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Normally reddish-brown, which gives them their name. They are in fact not any redder when full of blood, but gray-blue or olive colored.
Walnuts, or tiny beans? Body is flat and slightly wider in the rear; seeing them clinging to your dog's fur might make you wonder if he got into your nut or bean stash. Males have tiny pits on their backs, similar to walnuts. Mouths are visible from above, and larvae have 6 legs.
Throughout the U.S., but most common in warmer states as well as warm climates throughout the world.
If you lie down with dogs, you will get up with fleas — and some ticks, too. As it's a "dog" tick, dogs are their main target, but they are also common anyplace in the home that is warm and dry where dogs live in.
Dog blood. Ugggh.
A life of gorging and molting. This is basically how larvae develop. As most everything happens with a meal of blood, females feed and then drop off the host dog to lay eggs, after which her life is deemed complete, and she dies. Usually she crawls upward to wall or ceiling crevices or cracks, laying her 1,000-3,000 tiny dark brown eggs, which look a lot like caviar. Eggs hatch after 9-60 days into tiny larvae with 6 legs, called "seed ticks". Then they crawl down the wall and attach themselves to a dog so they can feed, although they can last 8 months without. They engorge 3-6 days and enlarge to 1/6 inches (2mm) and become blue. After the meal, they head off to find a spot to molt, and basically repeat this process. By 1-3 weeks they are reddish-brown nymphs with 8 legs. Then they feed for 4-9 days, grow to 1/8 inch (3mm) and turn dark gray. Once again they go off to molt, becoming adults in 12-19 days. They immediately seek a host dog, but can survive up to 18 months if unable. Once they find a good candidate, they feast for 6 to a record 50 days and mate – must be a taxing business. They may complete the cycle in 2 months, but there are usually 2 generations per year in the north, and 4 generations in the south.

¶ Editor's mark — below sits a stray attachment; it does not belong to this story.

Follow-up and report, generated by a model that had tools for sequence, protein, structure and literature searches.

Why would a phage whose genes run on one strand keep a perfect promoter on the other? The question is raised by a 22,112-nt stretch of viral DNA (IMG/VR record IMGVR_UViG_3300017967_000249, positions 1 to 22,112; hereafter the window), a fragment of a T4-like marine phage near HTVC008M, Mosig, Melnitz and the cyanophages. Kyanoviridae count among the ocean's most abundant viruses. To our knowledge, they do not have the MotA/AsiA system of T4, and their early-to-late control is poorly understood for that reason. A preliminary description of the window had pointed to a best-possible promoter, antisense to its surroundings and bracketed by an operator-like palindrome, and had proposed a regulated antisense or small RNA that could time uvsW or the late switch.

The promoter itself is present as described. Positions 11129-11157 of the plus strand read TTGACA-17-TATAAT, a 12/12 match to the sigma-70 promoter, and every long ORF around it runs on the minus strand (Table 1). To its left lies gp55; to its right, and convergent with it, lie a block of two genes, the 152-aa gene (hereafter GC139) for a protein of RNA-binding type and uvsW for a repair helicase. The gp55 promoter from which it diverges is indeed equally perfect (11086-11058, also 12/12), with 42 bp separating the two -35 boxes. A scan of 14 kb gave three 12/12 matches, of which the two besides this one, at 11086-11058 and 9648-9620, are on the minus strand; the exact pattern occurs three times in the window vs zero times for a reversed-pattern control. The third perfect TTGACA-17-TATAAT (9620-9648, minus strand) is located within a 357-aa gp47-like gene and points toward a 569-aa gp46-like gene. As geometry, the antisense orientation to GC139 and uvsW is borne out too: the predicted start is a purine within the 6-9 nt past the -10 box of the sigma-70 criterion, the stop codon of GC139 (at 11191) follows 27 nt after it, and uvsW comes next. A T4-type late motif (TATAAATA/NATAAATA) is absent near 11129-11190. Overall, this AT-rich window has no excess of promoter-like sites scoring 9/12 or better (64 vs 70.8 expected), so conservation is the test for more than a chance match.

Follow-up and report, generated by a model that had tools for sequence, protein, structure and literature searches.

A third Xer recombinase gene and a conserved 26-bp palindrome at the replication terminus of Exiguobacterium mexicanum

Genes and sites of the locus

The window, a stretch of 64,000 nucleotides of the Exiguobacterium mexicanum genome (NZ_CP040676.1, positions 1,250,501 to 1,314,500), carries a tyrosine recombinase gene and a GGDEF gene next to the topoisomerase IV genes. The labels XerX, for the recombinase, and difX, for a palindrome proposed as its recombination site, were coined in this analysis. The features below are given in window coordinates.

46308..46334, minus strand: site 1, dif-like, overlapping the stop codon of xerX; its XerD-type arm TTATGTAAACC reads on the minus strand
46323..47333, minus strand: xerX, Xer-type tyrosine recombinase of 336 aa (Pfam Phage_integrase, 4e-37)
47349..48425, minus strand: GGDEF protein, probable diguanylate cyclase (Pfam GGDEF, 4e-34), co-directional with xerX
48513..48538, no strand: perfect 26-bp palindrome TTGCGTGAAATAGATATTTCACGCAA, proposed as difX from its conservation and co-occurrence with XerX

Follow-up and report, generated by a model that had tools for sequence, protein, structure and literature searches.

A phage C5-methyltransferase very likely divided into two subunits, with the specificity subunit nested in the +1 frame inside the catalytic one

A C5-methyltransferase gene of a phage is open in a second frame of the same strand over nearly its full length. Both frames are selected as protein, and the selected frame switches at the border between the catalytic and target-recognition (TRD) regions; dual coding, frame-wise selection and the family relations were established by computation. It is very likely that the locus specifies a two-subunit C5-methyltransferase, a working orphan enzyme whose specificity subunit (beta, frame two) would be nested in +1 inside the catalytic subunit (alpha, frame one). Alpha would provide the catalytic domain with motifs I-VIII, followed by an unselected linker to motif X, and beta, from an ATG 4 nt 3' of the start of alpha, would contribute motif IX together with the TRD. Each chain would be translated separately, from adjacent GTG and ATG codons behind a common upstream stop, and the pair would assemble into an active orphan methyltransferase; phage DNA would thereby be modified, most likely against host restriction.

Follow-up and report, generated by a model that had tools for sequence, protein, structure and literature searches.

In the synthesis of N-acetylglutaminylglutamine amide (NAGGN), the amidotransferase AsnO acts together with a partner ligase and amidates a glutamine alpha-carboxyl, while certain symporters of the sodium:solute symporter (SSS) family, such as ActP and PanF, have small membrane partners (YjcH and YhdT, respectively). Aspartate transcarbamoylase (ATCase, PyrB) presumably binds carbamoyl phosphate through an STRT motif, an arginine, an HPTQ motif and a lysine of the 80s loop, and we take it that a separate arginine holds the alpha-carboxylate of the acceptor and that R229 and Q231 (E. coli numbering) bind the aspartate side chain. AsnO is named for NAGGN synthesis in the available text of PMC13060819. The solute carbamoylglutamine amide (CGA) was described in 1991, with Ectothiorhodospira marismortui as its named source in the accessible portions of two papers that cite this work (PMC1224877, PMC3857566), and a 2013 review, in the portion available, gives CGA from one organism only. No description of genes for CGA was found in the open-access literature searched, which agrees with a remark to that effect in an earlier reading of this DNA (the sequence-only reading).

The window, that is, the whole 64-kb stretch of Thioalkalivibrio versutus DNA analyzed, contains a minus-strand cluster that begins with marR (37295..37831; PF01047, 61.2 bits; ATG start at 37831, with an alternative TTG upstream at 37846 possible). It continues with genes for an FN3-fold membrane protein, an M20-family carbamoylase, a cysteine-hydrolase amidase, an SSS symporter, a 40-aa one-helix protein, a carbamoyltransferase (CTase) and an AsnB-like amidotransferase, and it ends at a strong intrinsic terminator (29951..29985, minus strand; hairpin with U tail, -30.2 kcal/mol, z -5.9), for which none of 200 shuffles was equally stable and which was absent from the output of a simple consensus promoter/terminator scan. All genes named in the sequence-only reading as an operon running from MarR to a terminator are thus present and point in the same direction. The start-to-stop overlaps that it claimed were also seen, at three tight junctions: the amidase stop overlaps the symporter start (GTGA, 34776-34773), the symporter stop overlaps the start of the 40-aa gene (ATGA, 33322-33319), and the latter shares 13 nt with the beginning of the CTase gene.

When the household dog isn't happy, neither is the household. Although they seldom attack humans, as we generally have less fur to cling to, they are carriers and transmitters of several disease organisms.
All brown dog ticks need is to move upward, and they can find a host dog.
Concentrate your efforts on areas your dog spends most of its time. Treatment should focus on dog's resting places, upholstered furnishings, cracks and crevices, under porches, and any possible crawl spaces the dog has access to. Thoroughly clean home and kennel areas before starting treatment, both indoors and outdoors. Also treat your dog on the same day as this pesticide application. As treatment is extensive and specific application equipment is necessary, you may want to use a professional exterminator. Inside treatment should focus on areas up to 4 feet and be concentrated around where your pet spends time. Exterior treatment should include walks, shrubbery and lawns.
Continue to monitor your pet after treatment, especially if it goes into other areas that may possibly be infested. For your own protection, use repellent, wear light-colored clothing, and frequently inspect tick-infested habitats.
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